Man having Back Pain

Strike a pose with planks

From picking up something on the floor to twisting your body to look behind you, almost every move you make requires strong core muscles. Your core is made up of many muscle groups in different parts of your body. Typically when you hear the word “core,” likely you think of your abdominal muscles. Yet, your core muscles also include muscles in your back, hips, pelvis, and buttocks.

Signs of weak core muscles can include the following:

    • Poor posture
  • Neck and shoulder pain
  • Sore knees and hips
  • Low back pain

Strong core muscles help stabilize your body before any movement you make. When core muscles are weak, the other surrounding muscles have to compensate.  The longer this goes on, the more those muscles will suffer leading to lingering pain. Performing planks is your solution for helping your body learn to hold a more natural and healthy posture helping eliminate pain.

Another benefit of doing planks to build strong core muscles is that your overall core stability will improve and this means fewer issues with chronic back pain.

Perfecting planks

There is a right way to do planks to achieve the most benefit from them. It begins with keeping your back straight without letting your hips rise or say. Holding yourself in this position helps you engage your core muscles at the same time protecting your low back from stress.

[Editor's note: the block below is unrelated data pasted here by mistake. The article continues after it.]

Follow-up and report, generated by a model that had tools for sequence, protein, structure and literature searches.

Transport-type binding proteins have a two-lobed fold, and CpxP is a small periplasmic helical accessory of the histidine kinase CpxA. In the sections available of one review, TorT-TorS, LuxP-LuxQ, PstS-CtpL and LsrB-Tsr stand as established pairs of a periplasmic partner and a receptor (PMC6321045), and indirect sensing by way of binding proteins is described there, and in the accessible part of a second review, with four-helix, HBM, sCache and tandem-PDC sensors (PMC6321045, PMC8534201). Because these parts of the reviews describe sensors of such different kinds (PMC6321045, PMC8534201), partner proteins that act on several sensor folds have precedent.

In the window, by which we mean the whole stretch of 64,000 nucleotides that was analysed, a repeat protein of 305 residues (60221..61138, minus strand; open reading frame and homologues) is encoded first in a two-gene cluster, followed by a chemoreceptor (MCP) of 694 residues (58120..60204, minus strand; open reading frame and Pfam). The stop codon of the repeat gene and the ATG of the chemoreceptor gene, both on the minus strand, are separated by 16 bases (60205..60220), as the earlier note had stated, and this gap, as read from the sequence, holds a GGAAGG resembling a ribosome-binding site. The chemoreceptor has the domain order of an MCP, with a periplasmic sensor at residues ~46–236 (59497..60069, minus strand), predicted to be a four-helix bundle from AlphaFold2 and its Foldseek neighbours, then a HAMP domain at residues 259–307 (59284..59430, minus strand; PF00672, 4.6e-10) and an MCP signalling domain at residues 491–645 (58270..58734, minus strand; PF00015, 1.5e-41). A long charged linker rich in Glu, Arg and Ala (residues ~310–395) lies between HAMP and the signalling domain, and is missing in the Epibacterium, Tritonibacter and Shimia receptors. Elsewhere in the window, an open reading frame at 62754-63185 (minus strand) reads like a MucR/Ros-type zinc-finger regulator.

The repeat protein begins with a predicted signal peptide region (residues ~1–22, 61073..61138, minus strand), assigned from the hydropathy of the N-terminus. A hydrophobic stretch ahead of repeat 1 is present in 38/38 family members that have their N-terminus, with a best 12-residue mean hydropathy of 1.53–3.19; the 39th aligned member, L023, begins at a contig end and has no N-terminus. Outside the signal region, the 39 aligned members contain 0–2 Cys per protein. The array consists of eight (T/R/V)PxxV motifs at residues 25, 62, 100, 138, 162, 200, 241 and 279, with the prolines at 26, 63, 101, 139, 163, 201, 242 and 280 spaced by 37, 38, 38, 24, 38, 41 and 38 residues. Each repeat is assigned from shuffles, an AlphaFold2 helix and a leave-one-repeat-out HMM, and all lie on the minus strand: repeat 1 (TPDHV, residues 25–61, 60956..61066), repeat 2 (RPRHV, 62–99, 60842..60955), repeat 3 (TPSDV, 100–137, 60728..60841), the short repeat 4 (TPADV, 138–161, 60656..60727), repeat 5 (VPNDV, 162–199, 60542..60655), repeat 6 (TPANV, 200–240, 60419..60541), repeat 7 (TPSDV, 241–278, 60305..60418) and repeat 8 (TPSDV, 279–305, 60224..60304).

The length of time to hold a plank is anywhere from 10 to 30 seconds even though some suggest up to a minute. It’s best to focus on doing multiple sets of smaller amounts of time than to try to hold a pose past two minutes.

Try to perform planks every other day if not every day.  If you’re a beginner to planks, start off slowly and work your way up. Here’s a step-by-step approach to perfecting planks:

  • Lie face down with your forearms on the floor on a mat or towel, with your legs extended and your feet together.
  • Push into your forearms as you raise your body so it forms a straight line from your head and neck to your feet without letting your hips rise or sag.
  • Keep your gaze down and hold this position as you engage your abdominal muscles. Take steady, even breaths.
  • Try to maintain the position for about 10 to 30 seconds and then lower your body and rest.
  • This completes one set. Work toward completing two to three sets with rest between each one.

To make planking more challenging, try alternating leg lifts during the pose; raise one leg for a second or two and then repeat with the other leg.

Dr. David Samadi | Robotic Prostate Surgeon

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